Flexibility urged for farmers on nitrates stocking limits

The Department of Agriculture, Food and the Marine has been called on to show flexibility on the nitrates  stocking limits under the Nitrates Regulations.

Denis Drennan, the farm and rural affairs chairperson of the Irish Creamery Milk Suppliers’ Association (ICMSA), said that, with the disruption caused to livestock trading in the past number of weeks due to Covid-19, flexibility on the Nitrates Regulations would be necessary to ensure farmers are not penalised.

“Given the severe impact of Covid-19 on livestock and meat markets, it is very likely that farmers who normally sold cattle at specific times of the year will end up carrying more stock for a longer period than they had intended because of Covid-19 and due to no fault of their own,” Drennan stressed.

As a result of that situation, farm stocking rates could exceed the 170kg of N/ha and 250kg of N/ha limits which would normally result in a financial penalty for that farmer.

“Quite clearly, Covid-19 is a ‘force majeure’ event and ICMSA is asking the department to adopt a flexible attitude to these limits given the current circumstances,” Drennan outlined.

“It’s both fair and obvious that no farmer should be penalised due to the fact that he or she has been forced to hold more livestock than usual as a result of the incredibly negative impact of Covid-19,” he highlighted.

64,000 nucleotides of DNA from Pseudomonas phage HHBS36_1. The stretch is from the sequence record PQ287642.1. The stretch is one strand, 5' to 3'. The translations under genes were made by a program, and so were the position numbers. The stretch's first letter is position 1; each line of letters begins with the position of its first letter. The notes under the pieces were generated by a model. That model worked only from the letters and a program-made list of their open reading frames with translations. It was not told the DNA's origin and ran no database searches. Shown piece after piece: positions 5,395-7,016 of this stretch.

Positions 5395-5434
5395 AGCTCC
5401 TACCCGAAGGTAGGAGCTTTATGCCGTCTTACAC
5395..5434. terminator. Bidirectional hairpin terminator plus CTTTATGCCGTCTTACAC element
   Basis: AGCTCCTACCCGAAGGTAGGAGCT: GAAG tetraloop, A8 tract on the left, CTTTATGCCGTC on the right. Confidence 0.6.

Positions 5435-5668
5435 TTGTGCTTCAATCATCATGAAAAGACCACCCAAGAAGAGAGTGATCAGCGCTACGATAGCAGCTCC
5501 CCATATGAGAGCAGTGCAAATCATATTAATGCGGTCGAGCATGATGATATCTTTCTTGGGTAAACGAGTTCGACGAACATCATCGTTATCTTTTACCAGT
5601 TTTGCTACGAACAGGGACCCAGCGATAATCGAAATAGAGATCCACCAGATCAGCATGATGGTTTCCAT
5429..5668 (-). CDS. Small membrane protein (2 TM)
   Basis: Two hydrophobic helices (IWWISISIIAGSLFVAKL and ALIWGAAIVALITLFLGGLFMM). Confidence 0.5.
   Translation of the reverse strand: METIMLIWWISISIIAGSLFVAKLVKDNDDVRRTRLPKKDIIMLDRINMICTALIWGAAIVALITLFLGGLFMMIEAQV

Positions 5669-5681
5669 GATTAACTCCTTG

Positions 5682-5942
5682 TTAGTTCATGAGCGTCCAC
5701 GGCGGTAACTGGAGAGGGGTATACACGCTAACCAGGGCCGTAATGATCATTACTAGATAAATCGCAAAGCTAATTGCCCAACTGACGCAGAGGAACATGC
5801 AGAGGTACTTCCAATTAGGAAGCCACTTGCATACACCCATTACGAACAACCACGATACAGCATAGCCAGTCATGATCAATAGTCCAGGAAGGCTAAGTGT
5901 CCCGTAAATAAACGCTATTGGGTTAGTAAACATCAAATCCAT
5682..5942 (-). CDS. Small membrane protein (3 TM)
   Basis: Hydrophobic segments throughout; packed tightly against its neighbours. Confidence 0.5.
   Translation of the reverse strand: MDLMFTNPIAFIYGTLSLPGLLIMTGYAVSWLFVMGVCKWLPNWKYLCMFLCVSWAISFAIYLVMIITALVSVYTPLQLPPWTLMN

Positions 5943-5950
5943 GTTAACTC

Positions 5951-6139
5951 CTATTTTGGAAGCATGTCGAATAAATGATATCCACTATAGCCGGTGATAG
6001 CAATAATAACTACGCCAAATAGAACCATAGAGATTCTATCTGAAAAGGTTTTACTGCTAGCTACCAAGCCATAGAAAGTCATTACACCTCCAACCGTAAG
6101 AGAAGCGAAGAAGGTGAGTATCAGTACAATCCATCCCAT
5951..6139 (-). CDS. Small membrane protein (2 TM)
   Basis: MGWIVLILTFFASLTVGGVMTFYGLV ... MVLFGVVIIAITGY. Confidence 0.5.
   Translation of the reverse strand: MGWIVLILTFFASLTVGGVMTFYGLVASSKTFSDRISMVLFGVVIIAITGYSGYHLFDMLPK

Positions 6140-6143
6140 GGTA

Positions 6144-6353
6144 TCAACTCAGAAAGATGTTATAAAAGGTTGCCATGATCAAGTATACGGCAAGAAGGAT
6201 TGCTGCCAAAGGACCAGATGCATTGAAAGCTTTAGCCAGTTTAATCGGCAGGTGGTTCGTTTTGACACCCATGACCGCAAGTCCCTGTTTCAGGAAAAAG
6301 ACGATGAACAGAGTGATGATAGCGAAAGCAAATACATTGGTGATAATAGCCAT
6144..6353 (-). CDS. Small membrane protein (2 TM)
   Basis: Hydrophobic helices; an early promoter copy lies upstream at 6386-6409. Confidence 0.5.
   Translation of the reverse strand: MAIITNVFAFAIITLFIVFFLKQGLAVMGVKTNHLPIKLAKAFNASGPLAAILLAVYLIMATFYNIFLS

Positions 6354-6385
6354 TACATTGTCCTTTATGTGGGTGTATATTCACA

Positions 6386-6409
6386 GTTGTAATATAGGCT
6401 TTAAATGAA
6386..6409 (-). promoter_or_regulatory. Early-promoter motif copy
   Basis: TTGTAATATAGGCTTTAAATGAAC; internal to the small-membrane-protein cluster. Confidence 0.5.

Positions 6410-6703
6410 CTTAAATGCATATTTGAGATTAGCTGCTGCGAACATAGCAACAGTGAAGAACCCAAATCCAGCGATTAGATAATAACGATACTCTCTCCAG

“We are asking the department to immediately announce a suspension of penalties for farmers who would normally be under the specified limits,” Drennan concluded.

Delay in EU action

In other ICMSA-related news, the association’s president, Pat McCormack, said that the lack of a response from the EU regarding supports for the European agri-food sector is “inconceivable”.

McCormack said that any delay or piecemeal response “puts at risk the food security of the EU and the very future of the agri-food sector”.

McCormack claimed that a delay in acting as a collective “risked the re-nationalisation of agriculture policy” with “very severe” consequences for farmers across the EU.

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